What is it about?

By measuring shear wave propagation across glassy polystyrene and rubbery polybutadiene bilayer films, we have demonstrated the emergence of a long range 200 nm gradient in local modulus when the interface between the glassy and rubbery polymer domains is formed. This work provides support and a possible new mechanism for understanding long range profiles in local glass transition temperature Tg that have previously been measured in these systems.

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Why is it important?

Interfaces impact the properties of glasses over surprisingly large length scales, which has important implications for developing nanoscale devices involving polymers. This work suggests a new mechanism for how local dynamics in glasses may be coupled over long distances by the way sound waves can propagate across the material, reflecting at or transmitting across interfaces, and interacting with the vibrational spectrum of density fluctuations.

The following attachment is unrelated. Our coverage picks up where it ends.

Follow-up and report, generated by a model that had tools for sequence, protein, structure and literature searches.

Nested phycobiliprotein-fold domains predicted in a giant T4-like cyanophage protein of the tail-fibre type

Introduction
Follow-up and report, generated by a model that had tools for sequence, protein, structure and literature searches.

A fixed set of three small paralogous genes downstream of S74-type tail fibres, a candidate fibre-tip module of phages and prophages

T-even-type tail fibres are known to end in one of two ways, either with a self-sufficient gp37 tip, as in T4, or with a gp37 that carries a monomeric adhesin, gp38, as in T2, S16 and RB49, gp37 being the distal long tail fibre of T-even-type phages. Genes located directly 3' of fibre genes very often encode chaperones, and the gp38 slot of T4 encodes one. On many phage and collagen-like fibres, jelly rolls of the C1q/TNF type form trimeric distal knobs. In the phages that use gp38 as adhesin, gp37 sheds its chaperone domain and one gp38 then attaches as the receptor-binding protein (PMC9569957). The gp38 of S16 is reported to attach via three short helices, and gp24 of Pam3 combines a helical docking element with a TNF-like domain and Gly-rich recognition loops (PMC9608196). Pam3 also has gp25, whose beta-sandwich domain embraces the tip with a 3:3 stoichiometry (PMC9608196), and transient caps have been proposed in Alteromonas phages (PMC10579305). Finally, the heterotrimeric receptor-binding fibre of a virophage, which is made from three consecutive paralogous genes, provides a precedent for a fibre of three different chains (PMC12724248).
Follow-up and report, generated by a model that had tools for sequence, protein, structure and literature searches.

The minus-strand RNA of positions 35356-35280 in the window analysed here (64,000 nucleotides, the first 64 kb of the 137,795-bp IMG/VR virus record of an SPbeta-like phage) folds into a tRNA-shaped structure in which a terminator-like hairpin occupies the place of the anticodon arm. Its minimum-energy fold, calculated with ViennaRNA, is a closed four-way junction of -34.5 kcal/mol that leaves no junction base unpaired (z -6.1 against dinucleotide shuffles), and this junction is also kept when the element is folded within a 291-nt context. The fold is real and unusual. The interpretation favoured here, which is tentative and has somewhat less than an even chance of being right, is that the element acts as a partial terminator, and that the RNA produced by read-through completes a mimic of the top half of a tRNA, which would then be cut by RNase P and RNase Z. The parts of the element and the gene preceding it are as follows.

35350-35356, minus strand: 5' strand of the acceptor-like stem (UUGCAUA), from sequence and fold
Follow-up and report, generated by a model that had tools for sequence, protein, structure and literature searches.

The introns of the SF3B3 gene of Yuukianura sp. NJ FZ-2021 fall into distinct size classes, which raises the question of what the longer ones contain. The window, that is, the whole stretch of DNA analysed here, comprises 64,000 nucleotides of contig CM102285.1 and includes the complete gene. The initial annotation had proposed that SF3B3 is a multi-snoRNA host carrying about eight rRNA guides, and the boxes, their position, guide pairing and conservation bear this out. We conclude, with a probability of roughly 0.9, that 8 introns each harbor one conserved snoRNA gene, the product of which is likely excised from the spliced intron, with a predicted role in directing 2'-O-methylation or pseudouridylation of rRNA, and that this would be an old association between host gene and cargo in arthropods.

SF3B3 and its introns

Once we started to realize that sound wave propagation across the system was likely interacting with density fluctuations in the vibrational density of states, many other studies in the literature dating back decades started to come together.

Connie Roth
Emory University

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This page is a summary of: Development of broad modulus profile upon polymer–polymer interface formation between immiscible glassy–rubbery domains, Proceedings of the National Academy of Sciences, December 2023, Proceedings of the National Academy of Sciences,
DOI: 10.1073/pnas.2312533120.
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